I remember the day I found out about the Justice for Girls Internship opportunity. I didn’t think I’d have a shot at being hired, but I was so excited about the organization and the possibility of becoming a part of it that I tried anyway. To my surprise, I landed a spot on the Girls' Advocacy & Education Center project team. It was the first job I had had in over four years, and it meant the world to me. As I began to become more involved in the Internship, I started to grow as a person. I felt my voice being heard and my words moving people.
When I was abused and entered the court system as a young teenager, I was alone. I was alone in my addictions and in all of the abuse that followed. It’s easy to feel like you have no worth when you’re a young girl who is being poked and prodded, stuffed full of unnecessary medications, and passed along from psychiatrist to psychiatrist. Becoming a part of Justice For Girls made me realize I could have been saved from so much damage if only there had been enough support, enough resources and enough people who believe that my voice matters.
This is what I love about Justice For Girls: their social justice perspective, their ability to trust and support young women who are feeling the most hopeless. Over the past few months, I have been educated on my rights, the rights of the young women around me, and what can be done to help us work through all of the systems that dangle us by strings like puppets. The organization has helped me learn that the best way to help youth is to listen to the words they say.
I’m proud of being an intern with Justice for Girls. I’m proud of myself for turning my life around and I want other young women and girls to feel this pride too.
When I was younger I desperately needed a program like Justice For Girls in my life. But at 13 and 14, I didn’t know of any resources for help and I quickly slipped through the cracks of the education system. From a very young age my home life was unstable and unpredictable. I had no voice and felt I had no worth. By the time I was in the eighth grade, I suffered from depression, anxiety and often thought about suicide. I did not feel like I belonged anywhere, especially at a very wealthy westside school with high academic standards. Half way through grade eight, I started attending less and less, failing classes and felt like giving up every day. At the same time, I had to deal with the provincial courts because of a custody battle between my parents. The court counsellor I talked to claimed the notes would help the judge make an impartial decision, but my confidentiality was broken. Everything I told her was recorded and copies were sent to my parents. Any sliver of trust I had for people with authority over me vanished.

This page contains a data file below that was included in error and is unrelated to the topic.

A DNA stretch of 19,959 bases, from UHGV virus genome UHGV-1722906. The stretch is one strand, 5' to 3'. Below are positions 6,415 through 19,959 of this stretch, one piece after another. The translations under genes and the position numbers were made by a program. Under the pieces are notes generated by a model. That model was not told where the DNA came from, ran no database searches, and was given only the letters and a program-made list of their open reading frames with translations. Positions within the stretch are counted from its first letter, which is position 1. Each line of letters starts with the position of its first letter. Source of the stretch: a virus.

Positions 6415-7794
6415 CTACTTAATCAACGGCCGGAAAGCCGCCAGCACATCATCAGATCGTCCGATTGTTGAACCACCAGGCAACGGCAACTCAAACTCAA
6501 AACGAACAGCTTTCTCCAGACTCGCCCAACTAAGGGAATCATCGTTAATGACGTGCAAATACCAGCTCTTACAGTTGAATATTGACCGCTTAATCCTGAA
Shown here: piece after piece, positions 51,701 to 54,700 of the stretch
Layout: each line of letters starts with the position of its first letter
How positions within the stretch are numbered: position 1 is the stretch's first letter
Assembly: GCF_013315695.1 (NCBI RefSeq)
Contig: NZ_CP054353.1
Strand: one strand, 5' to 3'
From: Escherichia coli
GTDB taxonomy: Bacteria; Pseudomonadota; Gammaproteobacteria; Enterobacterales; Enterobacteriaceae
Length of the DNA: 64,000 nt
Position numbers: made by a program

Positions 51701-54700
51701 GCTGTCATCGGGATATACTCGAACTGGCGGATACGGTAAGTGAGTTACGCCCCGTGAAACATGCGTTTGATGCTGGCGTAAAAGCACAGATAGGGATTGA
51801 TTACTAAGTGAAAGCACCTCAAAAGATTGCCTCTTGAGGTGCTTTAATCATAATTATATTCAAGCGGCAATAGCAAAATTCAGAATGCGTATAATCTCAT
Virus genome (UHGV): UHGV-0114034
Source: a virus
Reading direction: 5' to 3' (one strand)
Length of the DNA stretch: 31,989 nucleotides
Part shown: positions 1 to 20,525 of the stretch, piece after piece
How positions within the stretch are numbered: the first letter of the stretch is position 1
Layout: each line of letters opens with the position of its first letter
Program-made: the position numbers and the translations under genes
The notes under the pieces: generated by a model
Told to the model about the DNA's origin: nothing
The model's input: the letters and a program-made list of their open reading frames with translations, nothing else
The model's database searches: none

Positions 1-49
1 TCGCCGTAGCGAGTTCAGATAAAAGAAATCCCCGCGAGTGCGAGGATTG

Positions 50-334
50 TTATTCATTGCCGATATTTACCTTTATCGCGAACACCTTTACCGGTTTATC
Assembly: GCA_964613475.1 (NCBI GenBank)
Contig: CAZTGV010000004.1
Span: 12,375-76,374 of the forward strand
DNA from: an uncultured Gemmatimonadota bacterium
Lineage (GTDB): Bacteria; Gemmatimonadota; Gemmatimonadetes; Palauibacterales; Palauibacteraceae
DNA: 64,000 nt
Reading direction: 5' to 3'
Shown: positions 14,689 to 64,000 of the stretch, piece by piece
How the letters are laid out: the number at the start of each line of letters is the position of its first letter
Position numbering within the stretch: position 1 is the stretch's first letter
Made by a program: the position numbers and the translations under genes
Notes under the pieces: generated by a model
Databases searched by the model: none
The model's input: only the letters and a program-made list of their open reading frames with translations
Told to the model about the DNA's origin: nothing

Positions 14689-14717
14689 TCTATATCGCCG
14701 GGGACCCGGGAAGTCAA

The next year came and home life continued to be very rocky. I soon discovered a solution to my life problems in the form of drugs and alcohol. Addiction took over my life and I stopped going to school altogether. I spent the majority of my time on the street with people who were just like me. I had run-ins with the police, and saw my friends who fit into racial stereotypes being treated unfairly. Trips to youth detoxes became frequent, as did mental health assessments, drug and alcohol counsellors, twelve step meetings and even a 10 week stay at the only local youth treatment centre. I was afraid, traumatized and trusted no one.
After a year and a half of struggling to get sober, I was ready enough to do whatever it took to not have to live like that anymore. I started to grow and learn about myself and helping others became more important in my life.
Justice For Girls came into my life when I was about 6 months sober, and changes started happening fast. I am now surrounded by strong women who I trust and relate to. We have all struggled in our own ways and have walked through it, and now we are able to walk with other young women. I’m now over a year sober, and being a part of Justice For Girls is one of the best gifts I have received. My experience can now be used to help others, and to make changes where they are needed. As an Intern now, I have a voice and the power to help create something that 13-year-old me needed so desperately.